On May 11, 1956, Cloma and his brother Filemon gathered 40 of his crew, took possession of the islands, and named the cluster “Freedomland.” Four days later, Cloma issued and posted copies of his “Notice to the Whole World” on each of the islands to formalize his claim to the territory. At the end of that month, Cloma declared the establishment of the Free Territory of Freedomland, 10 days after sending his second representation to the Philippine secretary of foreign affairs, informing the official that the territory is now part of the Philippines.
Cloma went further, the account says. “On July 6, 1956, Cloma declared to the world his claim and the establishment of a separate government for the Free Territory of Freedomland with its capital on Patag Island. His declaration was met with violent and unfriendly reactions from several neighboring countries, especially the Republic of China (ROC; on Taiwan since 1949), (which) on September 24, 1956 … effectively garrisoned the nearby island of Itu Aba and intercepted Cloma’s men and vessels found within its immediate waters. Unable to surmount the difficulties and pressure, he ceded his claim to the Philippines for one peso.”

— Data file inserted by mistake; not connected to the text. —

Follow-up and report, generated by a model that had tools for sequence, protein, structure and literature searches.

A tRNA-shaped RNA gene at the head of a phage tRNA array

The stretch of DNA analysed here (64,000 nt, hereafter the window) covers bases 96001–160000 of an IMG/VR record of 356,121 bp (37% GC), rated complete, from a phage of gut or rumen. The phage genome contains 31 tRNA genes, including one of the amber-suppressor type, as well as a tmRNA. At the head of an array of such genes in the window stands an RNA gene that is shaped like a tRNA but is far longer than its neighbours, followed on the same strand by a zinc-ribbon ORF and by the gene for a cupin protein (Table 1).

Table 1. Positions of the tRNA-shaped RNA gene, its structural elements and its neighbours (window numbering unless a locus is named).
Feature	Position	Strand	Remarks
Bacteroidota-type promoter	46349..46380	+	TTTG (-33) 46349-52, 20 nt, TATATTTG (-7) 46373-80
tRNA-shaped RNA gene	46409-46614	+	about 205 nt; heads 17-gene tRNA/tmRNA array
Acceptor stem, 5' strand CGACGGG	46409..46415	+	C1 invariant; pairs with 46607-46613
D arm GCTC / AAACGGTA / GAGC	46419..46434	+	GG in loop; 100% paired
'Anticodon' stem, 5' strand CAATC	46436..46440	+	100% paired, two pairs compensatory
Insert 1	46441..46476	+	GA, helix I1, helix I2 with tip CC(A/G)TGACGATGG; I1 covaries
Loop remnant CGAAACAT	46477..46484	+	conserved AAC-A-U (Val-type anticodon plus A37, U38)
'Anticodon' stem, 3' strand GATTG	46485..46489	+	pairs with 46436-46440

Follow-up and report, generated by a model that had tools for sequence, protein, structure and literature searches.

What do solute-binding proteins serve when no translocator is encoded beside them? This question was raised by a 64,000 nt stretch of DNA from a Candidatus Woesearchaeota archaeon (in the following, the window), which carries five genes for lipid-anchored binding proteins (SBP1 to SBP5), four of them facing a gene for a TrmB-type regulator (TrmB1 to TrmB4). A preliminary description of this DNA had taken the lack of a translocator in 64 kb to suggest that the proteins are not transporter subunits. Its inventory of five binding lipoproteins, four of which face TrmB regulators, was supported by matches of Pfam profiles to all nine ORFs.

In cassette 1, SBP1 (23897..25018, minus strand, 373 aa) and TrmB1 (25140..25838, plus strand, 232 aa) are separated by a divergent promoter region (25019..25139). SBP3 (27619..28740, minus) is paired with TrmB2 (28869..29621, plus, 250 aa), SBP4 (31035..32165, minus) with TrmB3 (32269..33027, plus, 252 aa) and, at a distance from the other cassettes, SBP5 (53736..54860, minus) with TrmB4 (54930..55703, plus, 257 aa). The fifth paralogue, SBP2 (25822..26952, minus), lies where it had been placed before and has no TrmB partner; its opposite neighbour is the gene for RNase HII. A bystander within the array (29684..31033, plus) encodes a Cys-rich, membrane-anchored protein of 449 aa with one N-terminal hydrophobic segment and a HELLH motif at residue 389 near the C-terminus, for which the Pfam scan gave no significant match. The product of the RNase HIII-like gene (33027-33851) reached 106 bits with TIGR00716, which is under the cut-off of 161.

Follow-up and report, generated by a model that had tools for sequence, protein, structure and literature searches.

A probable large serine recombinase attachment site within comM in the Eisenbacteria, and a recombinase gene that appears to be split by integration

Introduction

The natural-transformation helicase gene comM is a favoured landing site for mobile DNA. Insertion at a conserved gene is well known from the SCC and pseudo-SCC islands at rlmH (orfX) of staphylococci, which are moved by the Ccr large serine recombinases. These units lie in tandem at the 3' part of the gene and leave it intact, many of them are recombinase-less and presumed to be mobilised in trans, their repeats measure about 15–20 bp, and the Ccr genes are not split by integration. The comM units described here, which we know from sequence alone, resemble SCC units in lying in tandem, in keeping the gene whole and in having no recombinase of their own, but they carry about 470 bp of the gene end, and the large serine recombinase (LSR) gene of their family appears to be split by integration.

Another account, which identifies Cloma as a director of the Philippine Maritime Institute, says his claim comprises about 50 features or outcrops in the Spratly group. It says among the countries that protested his declaration were France, the United Kingdom, and the Netherlands, in behalf of their colonies in Southeast Asia. While the Philippines did not endorse the new state to the world, it acknowledged Freedomland as the true sovereign state, the account says.
Now, after paying a peso for the contested specks in the South China Sea, the Philippines seems to have bought an oceanful of trouble.